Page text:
Chicago’s Flatfoot 56 announce the release of their new EP featuring five songs old and new that blend the band’s mix of traditional Irish folk music and surging punk rock.
While the Dropkick Murphys and Flogging Molly are undoubtedly the biggest band in Celtic-Punk I have no doubt who the best band in Celtic-Punk is and that is Flatfoot 56. Ever evolving and always innovative it only seems a few weeks ago that they managed to walk away with the London Celtic Punks album of the year for 2017 (here) for their superb album Odd Boat. It was an unanimous #1 vote from all four of us here and Gerry made it clear what he thought on the review of the album
“I honestly could have sat here and gone through each track individually and told you all how good they are, but that would be crazy and still wouldn’t do the album justice. The only way you’ll be able to see how right I am is by going out and buying it!”
The new EP released last month is completely acoustic and consists of five songs one new and four old ones that have been completely re-written and presented as basically new songs. The band have never been adverse to using traditional instruments but here they bring out the Irish uileann pipes as well as whistles and accordion to produce a sound that is both melodic and gritty but thoroughly magnificent. To help achieve this the Bhoys enlisted the help of veteran producer Roy Salmond, the owner of White Water Productions near Vancouver, BC who has been working with artists for over 30 years.
The Vancouver Sessions begins with a song from the bands 2007 album Jungle of the Midwest Sea re-imagined as a classic slice of Delta Blues. Compared to the original it is barely recognisable and I even had to check it was the same song! On ‘Cain’ Flatfoot 56 head more in the direction of their folky offshoot 6’10 but still manage to keep the Flatfoot 56 energy and passion. As Tobin puts it
“took on an entirely different feel than the original, loved the way this new take on an old song turned out. It’s low, its gruff and it’s us in a very weird way.”
Mandolin, fiddle and Tobin’s gruff rumbling voice ensure this song is the ultimate ear-worm designed never to leave you alone once you’ve heard it. The song comes accompanied by one hell of a video too of the band sitting around a campfire playing in the most natural settings for the song.
In fact for the video members of 6’10 accompany them and even bringing in original members and friends including Tobin’s good lady Vanessa.
“I see you coming, don’t do it
I know you and I see through it
Your parents curse made you work the fields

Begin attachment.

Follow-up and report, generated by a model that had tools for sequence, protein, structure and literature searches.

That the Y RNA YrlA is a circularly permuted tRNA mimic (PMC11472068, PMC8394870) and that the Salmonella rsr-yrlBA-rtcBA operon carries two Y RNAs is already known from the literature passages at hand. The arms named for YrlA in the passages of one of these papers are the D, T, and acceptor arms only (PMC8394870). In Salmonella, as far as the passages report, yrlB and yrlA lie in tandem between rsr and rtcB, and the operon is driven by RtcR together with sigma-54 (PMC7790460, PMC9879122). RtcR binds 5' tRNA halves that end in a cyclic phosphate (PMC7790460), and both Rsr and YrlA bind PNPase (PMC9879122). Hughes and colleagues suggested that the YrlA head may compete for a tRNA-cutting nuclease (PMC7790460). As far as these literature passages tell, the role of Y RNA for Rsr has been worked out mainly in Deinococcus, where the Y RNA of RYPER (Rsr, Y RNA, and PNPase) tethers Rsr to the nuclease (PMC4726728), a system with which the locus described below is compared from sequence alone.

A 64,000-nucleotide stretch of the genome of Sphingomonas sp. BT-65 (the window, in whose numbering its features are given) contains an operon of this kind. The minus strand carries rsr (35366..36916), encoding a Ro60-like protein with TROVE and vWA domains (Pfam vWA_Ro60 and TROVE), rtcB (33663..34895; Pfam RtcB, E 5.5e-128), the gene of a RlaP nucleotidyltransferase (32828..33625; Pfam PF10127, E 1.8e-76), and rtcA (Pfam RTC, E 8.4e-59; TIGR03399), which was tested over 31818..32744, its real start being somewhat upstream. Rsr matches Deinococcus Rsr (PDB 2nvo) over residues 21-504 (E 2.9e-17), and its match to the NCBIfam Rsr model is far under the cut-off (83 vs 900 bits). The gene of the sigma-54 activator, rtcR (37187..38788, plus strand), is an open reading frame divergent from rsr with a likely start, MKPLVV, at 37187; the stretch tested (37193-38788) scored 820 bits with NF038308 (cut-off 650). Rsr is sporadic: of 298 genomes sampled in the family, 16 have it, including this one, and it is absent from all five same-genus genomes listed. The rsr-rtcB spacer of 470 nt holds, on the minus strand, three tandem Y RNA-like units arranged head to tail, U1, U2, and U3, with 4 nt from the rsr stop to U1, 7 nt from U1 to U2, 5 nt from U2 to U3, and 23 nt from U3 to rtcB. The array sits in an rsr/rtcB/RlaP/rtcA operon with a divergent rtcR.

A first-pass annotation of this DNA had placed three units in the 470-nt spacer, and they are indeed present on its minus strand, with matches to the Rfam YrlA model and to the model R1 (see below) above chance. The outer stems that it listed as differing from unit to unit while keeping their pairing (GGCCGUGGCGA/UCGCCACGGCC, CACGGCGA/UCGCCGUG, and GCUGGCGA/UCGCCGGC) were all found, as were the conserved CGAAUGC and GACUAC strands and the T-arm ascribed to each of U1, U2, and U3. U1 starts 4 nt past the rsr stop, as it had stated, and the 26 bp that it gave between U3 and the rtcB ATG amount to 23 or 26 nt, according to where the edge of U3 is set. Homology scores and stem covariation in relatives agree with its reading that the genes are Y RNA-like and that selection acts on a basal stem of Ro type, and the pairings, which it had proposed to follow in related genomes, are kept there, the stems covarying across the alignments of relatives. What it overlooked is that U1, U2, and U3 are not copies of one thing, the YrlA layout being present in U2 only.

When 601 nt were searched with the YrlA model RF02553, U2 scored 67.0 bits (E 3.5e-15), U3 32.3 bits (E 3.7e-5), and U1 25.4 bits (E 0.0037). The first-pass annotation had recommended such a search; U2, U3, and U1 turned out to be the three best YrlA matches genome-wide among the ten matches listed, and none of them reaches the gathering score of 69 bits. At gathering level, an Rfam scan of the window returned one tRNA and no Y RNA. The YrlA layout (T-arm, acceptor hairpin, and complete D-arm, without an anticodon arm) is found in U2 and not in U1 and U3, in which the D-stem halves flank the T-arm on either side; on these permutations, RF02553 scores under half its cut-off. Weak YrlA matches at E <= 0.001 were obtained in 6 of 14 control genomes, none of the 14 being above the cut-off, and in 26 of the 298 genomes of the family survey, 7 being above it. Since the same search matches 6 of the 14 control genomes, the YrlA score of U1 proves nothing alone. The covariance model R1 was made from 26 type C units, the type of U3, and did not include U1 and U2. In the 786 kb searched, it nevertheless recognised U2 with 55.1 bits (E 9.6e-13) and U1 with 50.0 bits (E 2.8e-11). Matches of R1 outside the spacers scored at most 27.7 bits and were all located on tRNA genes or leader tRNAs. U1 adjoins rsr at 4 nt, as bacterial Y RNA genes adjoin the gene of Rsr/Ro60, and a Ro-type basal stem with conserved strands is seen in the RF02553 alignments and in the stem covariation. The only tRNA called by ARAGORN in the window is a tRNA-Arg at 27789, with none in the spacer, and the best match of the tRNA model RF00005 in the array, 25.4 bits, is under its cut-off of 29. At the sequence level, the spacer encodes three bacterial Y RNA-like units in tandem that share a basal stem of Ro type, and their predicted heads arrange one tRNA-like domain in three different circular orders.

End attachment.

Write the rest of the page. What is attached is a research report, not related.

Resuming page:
You gave God what grew but you didn’t yield
In your anger, you beat him dead
And his blood turned your field red”
The song tells of Cain and Abel the first sons of Adam and Eve. Cain was a farmer and his brother Abel a shepherd. The brothers made sacrifices to God but God favoured Abel’s sacrifice instead of Cain’s. Cain then murdered Abel, whereupon God punished Cain to a life of wandering. ‘Cain’ is followed by the EP’s only new song ‘How Long’. Tobin kicks it off with acoustic strumming and then his wonderful warm full vocals take over and with accordion and drums keeping the beat while Vanessa’s beautiful voice is a lovely counterpoise to Tobin’s. The song’s lyrics talk about the yearning for something more than all of the chaos the world seems to be throwing around. Consistent with many of Flatfoot 56’s lyrical themes, this one leaves the listener hoping and looking for something more. ‘I Believe It’ has already seen the light of day in an semi-acoustic version on 2012’s Toil but here they slow it right down in a song that strips the original right back to its barest bones before adding in some amazing uileann piping. The pipes drone only adding to the melancholy of the song.
“thoughtful—and tender, at times—reminders of what life can be if we slow down and take lyrics in”.
The song ends with a few lines from the Flatfoot favourite ‘I’ll Fly Away’ and slowly it ebbs away. ‘Penny’ was the fastest and most punky song on last years Odd Boat so even more remarkable that they have managed to turn it into the song here. The tune remains but the addition of gentle mandolin takes it to another level while again Vanessa’s traditional style of folk vocals adds perfect balance. For the EP’s closing number Flatfoot again take one of their fastest tracks and adapt it into something stunning and while ‘Take Hold Again’ is the most recognisable of the songs here its still packs a punch in such a different way to the original. Elements of trad Irish folk, Country and Americana abound and while its not your usual F56 release for those of us who have softened to 6’10 its utterly perfect.
The album has been released on Sailors Grave Records and comes as a special edition etched vinyl disc in three different colors. It is also released on CD and digital formats but you can have a sneaky free listen via the bands Soundcloud account here.
The band have announced that it is important to remember that this is not a new direction for Flatfoot 56 but rather a temporary diversion and it won’t be long before they are back to their driving anthemic Celtic-Punk rock anthems before we know it. And anyway they do have 6’10 for this sort of thing. If their goal is to help introduce their punk fans to folk then they can sit back and relax as it is mission accomplished as The Vancouver Sessions may be calm and laid back but it still successfully transfers their aggressive punk rock sound into something that is real, raw and superbly beautiful.
Buy The Vancouver Sessions
Contact Flatfoot 56
Rumble of 56- 2002 * Waves of War- 2003 * Knuckles Up- 2006 * Jungle of the Midwest Sea- 2007 * Black Thorn- 2010 * Toil- 2012 * Odd Boat- 2017*